Australian Permanent Mission and Consulate-General
Geneva
Switzerland, Liechtenstein

Statement of Australia to the Nineteenth Annual Conference of the High Contracting Parties to Amended Protocol II to the CCW on Improvised Explosive Devices

Nineteenth Annual Conference of the High Contracting Parties to Amended Protocol II to the CCW

Australian Statement

Improvised Explosive Devices

Mr Coordinator,

Australia believes that the problem of Improvised Explosive Devices is of great importance and is one which, in order to reduce its threat, requires international attention and cooperation.  Many recent conflicts have seen Improvised Explosive Devices used as a weapon of choice.  These weapons have resulted in civilian casualties, indiscriminate killing and unnecessary damage to populated areas.

Mr Coordinator,

Australia was a lead sponsor, along with Afghanistan and France, of the United Nations General Assembly resolution on IEDs entitled ‘Countering the threat posed by improvised explosive devices’ which was adopted without a vote last month in New York during First Committee deliberations. 

The resolution encourages States, on a voluntary basis, to share information on diversion of materials, secure their stockpiles and take measures to stem the transfer of knowledge of construction and use of IEDs between terrorist, illegal armed groups or other unauthorised recipients.

We acknowledge the work being done in this area by the World Customs Organisation and INTERPOL. Australia encourages states to support these organisations where possible to assist their work in this difficult task. We also note the success of cooperation between governments and industry in monitoring consignments of IED pre-cursor materials such as fertilizers and other chemicals. Australia recognises the important role industry plays in this issue and that communication between governments and industry has to be two-way.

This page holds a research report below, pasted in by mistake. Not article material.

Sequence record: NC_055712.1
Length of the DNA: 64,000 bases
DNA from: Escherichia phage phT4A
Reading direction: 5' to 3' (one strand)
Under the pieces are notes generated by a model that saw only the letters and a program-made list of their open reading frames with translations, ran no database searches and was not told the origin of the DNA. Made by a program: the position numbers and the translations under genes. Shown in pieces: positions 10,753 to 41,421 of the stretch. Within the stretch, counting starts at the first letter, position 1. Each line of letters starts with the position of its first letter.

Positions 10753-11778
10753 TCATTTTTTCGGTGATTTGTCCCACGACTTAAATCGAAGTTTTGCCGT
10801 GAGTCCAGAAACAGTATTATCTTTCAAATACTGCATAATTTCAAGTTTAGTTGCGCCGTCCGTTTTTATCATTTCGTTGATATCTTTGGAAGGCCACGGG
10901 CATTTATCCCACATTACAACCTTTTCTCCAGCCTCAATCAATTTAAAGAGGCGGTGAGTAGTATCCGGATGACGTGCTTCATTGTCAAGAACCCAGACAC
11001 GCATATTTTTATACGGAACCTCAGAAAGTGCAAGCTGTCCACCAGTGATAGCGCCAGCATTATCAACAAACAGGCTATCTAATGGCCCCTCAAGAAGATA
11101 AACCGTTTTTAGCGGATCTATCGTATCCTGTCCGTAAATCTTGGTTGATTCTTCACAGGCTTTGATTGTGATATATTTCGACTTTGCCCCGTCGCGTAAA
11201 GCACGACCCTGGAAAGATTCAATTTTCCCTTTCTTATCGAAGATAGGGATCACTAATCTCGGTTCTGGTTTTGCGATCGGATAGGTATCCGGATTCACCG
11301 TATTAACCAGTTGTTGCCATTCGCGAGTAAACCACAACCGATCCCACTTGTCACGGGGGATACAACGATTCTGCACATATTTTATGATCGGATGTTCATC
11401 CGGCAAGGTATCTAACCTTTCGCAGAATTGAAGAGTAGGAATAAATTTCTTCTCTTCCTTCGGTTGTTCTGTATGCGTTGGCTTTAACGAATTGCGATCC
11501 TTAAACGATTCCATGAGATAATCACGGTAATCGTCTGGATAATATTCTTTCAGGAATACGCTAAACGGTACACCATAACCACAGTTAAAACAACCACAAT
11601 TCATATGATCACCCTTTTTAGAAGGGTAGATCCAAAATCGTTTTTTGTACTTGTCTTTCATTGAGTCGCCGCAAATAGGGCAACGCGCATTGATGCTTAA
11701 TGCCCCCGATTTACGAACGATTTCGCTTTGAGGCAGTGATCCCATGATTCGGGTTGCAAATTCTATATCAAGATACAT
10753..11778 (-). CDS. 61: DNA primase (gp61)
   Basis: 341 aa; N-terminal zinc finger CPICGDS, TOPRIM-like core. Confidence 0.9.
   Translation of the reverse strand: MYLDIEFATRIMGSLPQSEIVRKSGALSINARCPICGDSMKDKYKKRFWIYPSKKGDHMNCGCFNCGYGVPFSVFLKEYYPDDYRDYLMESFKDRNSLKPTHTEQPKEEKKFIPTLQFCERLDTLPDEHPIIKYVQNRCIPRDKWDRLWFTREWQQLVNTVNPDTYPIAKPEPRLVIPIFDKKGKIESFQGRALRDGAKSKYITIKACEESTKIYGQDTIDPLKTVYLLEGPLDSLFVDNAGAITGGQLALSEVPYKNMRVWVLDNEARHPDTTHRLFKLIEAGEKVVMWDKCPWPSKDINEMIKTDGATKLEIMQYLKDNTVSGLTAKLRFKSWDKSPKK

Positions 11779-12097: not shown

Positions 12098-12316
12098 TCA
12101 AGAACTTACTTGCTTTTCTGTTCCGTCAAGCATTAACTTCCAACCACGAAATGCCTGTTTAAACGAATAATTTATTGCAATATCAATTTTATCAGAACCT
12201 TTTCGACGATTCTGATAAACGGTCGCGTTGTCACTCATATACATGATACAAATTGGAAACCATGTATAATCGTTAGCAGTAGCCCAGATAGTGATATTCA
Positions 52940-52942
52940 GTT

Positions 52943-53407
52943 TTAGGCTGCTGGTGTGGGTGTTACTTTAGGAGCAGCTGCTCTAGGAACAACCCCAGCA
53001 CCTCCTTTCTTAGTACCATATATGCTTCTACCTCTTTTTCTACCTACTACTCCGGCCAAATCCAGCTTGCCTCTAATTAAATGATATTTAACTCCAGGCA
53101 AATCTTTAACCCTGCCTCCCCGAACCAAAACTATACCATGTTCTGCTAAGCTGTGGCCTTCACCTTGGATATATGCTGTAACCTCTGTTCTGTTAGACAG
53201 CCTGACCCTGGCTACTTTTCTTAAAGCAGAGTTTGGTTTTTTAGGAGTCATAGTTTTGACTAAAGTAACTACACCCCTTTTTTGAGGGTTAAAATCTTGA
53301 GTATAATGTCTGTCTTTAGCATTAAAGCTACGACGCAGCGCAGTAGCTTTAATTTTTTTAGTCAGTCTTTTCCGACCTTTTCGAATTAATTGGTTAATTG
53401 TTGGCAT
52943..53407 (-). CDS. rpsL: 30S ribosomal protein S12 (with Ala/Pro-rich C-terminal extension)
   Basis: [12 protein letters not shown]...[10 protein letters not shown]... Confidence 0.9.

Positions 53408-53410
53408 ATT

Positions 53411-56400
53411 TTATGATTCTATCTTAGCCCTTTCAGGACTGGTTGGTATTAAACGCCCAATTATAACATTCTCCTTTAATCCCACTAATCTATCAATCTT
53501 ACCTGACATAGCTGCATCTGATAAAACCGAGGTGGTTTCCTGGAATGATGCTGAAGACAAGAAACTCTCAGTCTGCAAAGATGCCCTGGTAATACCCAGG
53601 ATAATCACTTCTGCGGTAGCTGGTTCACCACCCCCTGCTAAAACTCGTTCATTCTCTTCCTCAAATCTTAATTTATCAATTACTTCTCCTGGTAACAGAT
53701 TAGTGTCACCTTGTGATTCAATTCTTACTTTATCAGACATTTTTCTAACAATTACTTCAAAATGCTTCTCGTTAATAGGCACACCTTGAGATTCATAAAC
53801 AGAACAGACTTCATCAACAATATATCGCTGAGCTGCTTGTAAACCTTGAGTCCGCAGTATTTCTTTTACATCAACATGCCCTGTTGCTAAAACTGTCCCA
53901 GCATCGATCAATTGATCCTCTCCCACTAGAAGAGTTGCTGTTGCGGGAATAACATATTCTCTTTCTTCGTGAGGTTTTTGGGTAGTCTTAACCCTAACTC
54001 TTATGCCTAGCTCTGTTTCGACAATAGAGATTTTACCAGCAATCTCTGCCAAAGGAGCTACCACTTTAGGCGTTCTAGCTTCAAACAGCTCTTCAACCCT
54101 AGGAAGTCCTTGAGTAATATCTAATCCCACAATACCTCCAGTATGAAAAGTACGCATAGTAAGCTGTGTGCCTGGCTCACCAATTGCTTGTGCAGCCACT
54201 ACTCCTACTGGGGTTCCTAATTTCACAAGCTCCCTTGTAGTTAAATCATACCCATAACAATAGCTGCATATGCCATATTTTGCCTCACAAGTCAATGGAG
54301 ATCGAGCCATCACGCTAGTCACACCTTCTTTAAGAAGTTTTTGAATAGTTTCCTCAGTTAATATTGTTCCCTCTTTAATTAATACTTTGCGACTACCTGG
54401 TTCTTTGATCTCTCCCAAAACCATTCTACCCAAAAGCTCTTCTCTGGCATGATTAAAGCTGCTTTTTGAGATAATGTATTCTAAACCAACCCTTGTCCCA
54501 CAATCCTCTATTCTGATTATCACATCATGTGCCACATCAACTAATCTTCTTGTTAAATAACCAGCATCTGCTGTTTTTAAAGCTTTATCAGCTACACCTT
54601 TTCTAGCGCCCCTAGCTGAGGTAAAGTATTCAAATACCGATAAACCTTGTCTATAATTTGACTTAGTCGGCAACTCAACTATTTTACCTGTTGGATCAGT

Australia has been supporting INTERPOL’s ‘Watchmaker’ South East Asia programme, which is helping countries track known or suspected individuals from Australia’s region involved in the manufacture or use of explosives. This programme has established an important network of police in Southeast Asia, who are focused on sharing IED-relevant intelligence. Early next year, our funding will help INTERPOL facilitate a border operation at several key locations in Southeast Asian countries to road-test Watchmaker and national counter-IED systems.

Mr Coordinator,

Australia strongly supports efforts to respond to the needs of UN peacekeeping missions operating in new threat environments involving IEDs.  We were pleased to contribute to the development of the UN IED Threat Mitigation Handbook,  released in December 2016.  We encourage implementation of these Guidelines in peacekeeping operations. 

We have also contributed to the elaboration of UN IED Disposal Standards, which is being coordinated by UNMAS.  We see these standards as providing essential guidance to UN peacekeeping missions on the challenging task of IED disposal in operational contexts.  We also support the elaboration of the International Mine Action Standards, including through incorporation of relevant technical elements from the IED Disposal Standards, to provide additional guidance for humanitarian clearance of IEDs.

Thank you, Mr Coordinator